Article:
Don’t snap your memorable moments, just enjoy them says new study

News source from CTV News

New U.S. research has found that taking photos of life’s enjoyable moments could actually lead to you enjoying them less.

Led by Gia Nardini at the University of Denver along with researchers at Washington University in St Louis and the University of Florida, Nardini was prompted to carry out the new research when she herself came back from a trip to a wildlife preserve thinking she had spent more time taking photos than actually living in the moment.

To investigate the idea further, the authors carried out a series of five different tests including a total of 718 participants. Some were surveyed on whether photographing highly enjoyable experiences increases, decreases or has no effect on enjoyment while others were asked to take part in experiences and say whether they enjoyed it when taking photos and when putting the camera down.

The findings, published in the journal Psychology and Marketing, showed that if the event is a highly enjoyable one, then stopping to take photos will distract from this enjoyment.

In particular, the participants who watched a highly enjoyable video without snapping photos enjoyed the experience significantly more, at 72.6 on a 100-point scale, than those occasionally taking pictures, at 63.8 on the 100-point scale.

“We’re looking at experiences that are overall highly enjoyable, ones you really get immersed in, things that are a 8-, 9- and 10- on a 10-point scale of enjoyment,” said co-author Robyn LeBoeuf, “When you take pictures, you tend to enjoy them less. Taking pictures hurts.”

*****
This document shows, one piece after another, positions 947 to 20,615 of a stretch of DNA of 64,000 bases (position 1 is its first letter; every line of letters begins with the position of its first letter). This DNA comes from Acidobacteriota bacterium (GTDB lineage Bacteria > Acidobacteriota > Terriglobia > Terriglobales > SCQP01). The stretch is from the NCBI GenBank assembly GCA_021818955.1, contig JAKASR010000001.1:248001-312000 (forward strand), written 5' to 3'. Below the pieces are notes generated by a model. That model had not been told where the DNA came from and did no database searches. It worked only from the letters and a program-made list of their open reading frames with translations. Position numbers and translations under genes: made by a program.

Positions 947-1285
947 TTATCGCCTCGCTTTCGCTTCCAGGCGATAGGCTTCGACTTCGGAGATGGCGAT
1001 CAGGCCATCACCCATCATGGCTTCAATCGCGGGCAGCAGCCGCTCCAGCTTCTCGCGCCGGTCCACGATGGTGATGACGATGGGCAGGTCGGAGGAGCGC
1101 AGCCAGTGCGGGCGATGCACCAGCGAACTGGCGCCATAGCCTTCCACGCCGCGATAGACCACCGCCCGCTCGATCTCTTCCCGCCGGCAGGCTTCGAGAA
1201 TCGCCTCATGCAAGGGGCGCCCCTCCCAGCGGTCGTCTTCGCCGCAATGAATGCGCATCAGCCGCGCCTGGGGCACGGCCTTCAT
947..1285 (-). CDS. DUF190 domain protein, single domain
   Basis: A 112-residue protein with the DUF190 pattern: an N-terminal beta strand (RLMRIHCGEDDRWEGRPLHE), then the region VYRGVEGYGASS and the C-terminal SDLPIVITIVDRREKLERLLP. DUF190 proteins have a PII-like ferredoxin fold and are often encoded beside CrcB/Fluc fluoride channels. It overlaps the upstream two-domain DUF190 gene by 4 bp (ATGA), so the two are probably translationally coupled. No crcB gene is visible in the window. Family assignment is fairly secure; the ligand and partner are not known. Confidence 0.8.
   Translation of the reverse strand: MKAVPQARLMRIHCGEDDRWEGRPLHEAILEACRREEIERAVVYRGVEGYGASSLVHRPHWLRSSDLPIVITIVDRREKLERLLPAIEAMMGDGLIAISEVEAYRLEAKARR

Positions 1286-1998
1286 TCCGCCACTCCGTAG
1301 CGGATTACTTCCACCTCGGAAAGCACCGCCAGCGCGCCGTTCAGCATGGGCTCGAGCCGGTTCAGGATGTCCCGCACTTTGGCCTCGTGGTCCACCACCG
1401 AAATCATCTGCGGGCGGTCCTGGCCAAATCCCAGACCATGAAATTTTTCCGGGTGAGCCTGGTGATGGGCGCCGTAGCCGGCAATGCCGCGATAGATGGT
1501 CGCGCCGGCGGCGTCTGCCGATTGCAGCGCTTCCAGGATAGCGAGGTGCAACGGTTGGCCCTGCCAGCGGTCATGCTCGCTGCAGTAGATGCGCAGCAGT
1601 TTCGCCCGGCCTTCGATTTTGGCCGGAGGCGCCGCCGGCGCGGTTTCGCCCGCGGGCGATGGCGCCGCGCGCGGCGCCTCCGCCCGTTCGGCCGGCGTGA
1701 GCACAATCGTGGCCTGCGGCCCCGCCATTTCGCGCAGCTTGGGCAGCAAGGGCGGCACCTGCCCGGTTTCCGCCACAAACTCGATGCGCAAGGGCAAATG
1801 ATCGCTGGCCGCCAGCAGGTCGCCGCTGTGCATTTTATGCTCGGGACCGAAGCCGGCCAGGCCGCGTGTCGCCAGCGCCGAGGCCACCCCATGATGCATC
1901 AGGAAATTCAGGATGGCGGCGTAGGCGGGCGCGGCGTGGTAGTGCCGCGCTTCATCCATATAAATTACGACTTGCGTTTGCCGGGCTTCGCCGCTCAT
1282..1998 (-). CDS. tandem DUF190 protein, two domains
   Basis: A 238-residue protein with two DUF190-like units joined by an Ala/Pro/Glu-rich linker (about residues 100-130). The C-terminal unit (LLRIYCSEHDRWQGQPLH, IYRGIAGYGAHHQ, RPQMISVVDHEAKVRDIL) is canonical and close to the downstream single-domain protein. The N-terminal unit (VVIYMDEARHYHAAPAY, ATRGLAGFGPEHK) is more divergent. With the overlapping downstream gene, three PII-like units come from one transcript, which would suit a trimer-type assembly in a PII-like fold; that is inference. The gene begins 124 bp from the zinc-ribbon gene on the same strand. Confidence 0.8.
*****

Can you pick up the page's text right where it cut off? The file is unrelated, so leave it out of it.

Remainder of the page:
“We get so focused on picture-taking, we miss the experience itself.”

However, the surveys revealed that many people, 51.4 per cent, think taking photos has no effect on enjoyment, and 27.9 per cent believed it increased enjoyment. Just 21.6 per cent said it decreased enjoyment

“Most people don’t think it hurts. Certainly, this isn’t obvious to people,” commented LeBoeuf.

Sharing photos on social media appeared to hinder people’s enjoyment even further, with the team finding that when watching a highly enjoyable video, 83.7 per cent of participants enjoyed the video when they just sat back and watched it, compared to 76.2 per cent who watched and took personal pictures, and 73.5 who watched and took photos to share.

“Thinking ‘Oh, I have to post these’ makes it even harder to enjoy the experience,” said LeBoeuf.

However, when watching or partaking in a moderately enjoyable video or experience, taking pictures appeared to have no negative effect.

In addition, the researchers also looked at 99 participants who were texting while watching an enjoyable video, and found that this common digital distraction could also reduce our enjoyment of experiences, adding that photography was merely “one manifestation of a larger range of behaviors, such as texting, tweeting and posting on social media that surreptitiously distract people from the moment, resulting in diminished enjoyment.”

“When advising people, we can tell them, ‘Hey, you may want to be more mindful when deciding whether to take pictures,'” concludes LeBoeuf.

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